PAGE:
Mars Exploration Rovers Update - December 14, 2004

http://marsrovers.jpl.nasa.gov/mission/status.html
SPIRIT UPDATE: Trekking Toward 'Husband Hill' - sol 326-332, December 14, 2004
Spirit drove five of the last seven days, continuing its trek towards the top of "Husband Hill." Spirit's intermediate goal is a ridge dubbed "Larry's Lookout," which is roughly 75 meters (246 feet) away. Getting there using Spirit's current path will be a challenge given the sand, slope, and rocks in this area. Spirit paused for a set of weekend observations of a rock called "Wishstone." Total odometry for the mission is now 3,944 meters (2.45 miles).
The amount of electric current drawn by the motor on the right front wheel is in the normal range. Near the end of Spirit's long series of drives from "Bonneville Crater" to the "Columbia Hills," the right front wheel began to draw roughly twice the current of the other five wheels. The increased current prompted engineers to limit the use of this wheel to preserve its life. Since arriving at the hills, Spirit has had relatively few driving days. The rover team's current working theory on this problem suggests that the recent rest periods have allowed the lubricant in this wheel to redistribute, causing the current draw to return to normal. Periodic rest days will be included in rover drivers' plans, and Spirit will alternate forward and backward driving to keep the lubricant in all of the wheels more evenly distributed.
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OPPORTUNITY UPDATE: Out of 'Endurance' - sol 306-315, December 14, 2004
Opportunity has finished its work inside "Endurance Crater" and climbed out. Before leaving, the rover examined a transition point between dark and light rock layers about 20 meters (about 66 feet) from the rim of the crater. Communication with Mars Odyssey has been good, so the backlog of onboard data has improved. The rover spent six months inside the stadium-sized crater to study layered bedrock exposed there. The exit drive on sol 315 put Opportunity completely outside the crater for the first time since sol 134. Opportunity continues to be in excellent health.
Sol details:
Sol 306 was the second sol of inspecting a rock target called "Paikea" with tools on the robotic arm. On the previous sol, Opportunity had cleaned the surface of Paikea with its rock abrasion tool brush. During sol 306, the rover observed the target with the panoramic camera and the microscopic imager, then ground away a patch of the rock's surface for about two hours with the rock abrasion tool. After the grind, the rover examined the fresh hole in the rock with the panoramic camera, hazard-avoidance camera and microscopic imager. This was followed by placement of the alpha particle X-ray spectrometer on the abraded area for later data collection. The rover woke at about 4:45 a.m. (local solar time) for a morning communication-relay pass with Odyssey on sol 307. Then it turned on the alpha particle X-ray spectrometer and gathered data until mid-morning.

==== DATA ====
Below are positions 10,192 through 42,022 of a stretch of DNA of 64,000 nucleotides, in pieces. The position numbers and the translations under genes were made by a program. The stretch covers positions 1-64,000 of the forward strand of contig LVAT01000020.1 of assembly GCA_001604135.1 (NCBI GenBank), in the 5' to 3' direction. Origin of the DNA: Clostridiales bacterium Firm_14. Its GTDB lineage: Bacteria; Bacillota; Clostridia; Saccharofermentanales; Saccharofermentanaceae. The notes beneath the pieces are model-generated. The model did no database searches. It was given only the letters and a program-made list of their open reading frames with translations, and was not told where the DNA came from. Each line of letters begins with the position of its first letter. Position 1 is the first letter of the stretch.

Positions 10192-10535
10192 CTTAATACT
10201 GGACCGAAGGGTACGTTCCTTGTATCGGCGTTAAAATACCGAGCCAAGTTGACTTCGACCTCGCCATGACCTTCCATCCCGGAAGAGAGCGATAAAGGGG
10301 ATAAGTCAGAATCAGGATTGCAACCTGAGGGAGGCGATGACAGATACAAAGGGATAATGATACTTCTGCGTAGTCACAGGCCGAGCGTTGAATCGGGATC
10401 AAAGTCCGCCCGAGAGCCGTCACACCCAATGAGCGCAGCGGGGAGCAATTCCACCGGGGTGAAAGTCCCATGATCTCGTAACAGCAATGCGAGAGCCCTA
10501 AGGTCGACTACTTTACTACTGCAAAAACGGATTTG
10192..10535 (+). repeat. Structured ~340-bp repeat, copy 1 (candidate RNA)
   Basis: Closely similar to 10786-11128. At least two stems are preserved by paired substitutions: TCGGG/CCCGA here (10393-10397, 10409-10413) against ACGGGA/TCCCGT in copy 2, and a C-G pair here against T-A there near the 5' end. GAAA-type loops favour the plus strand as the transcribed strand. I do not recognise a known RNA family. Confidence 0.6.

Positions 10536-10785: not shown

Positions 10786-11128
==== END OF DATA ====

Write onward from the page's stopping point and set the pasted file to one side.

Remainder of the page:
Sols 307 through 309 were planned together as a three-sol plan. Sol 307 was similar to sol 306, with imaging, rock grinding, and overnight X-ray spectrometer measurements, this time targeted on "Wharenhui." Also, between 1:30 p.m. and 2 p.m. local solar time, Opportunity used its miniature thermal emission spectrometer and panoramic camera to make observations coordinated with a Mars Global Surveyor overflight. In the late morning of sol 308, the rover placed its Mossbauer spectrometer on the freshly drilled hole in Wharenhui, and then collected data nearly continuously for the next two sols. In order to provide sufficient energy for this extended integration, overnight communication passes for the early mornings of sols 309 and 310 were sacrificed.
The grinding activity on sol 307 was not as productive as hoped, so plans for the next couple of sols were revised. Because the team had to wait for retransmission of some rock abrasion tool data on sol 310, the sol was spent using the microscopic imager, placing the alpha particle X-ray spectrometer, and performing about an hour of remote-sensing observations.
Sol 311 was spent re-grinding Wharenhui. The plan was to grind another 3 to 4 millimeters (0.1 to 0.2 inches) into the rock. The grind went as planned, microscopic images were taken and the alpha particle X-ray spectrometer was placed in the hole. That spectrometer's integration was not started until the sol 312 early-morning Odyssey pass at 4:20 a.m. Mars local time.
The plan for sol 312 was to complete the alpha particle X-ray spectrometer integration begun in the early morning, perform about 45 minutes of observations with the panoramic camera and navigation camera, then drive about 12 meters (39 feet) toward the crater rim. Total odometry after sol 311 was 1,766.07 meters (1.1 miles).
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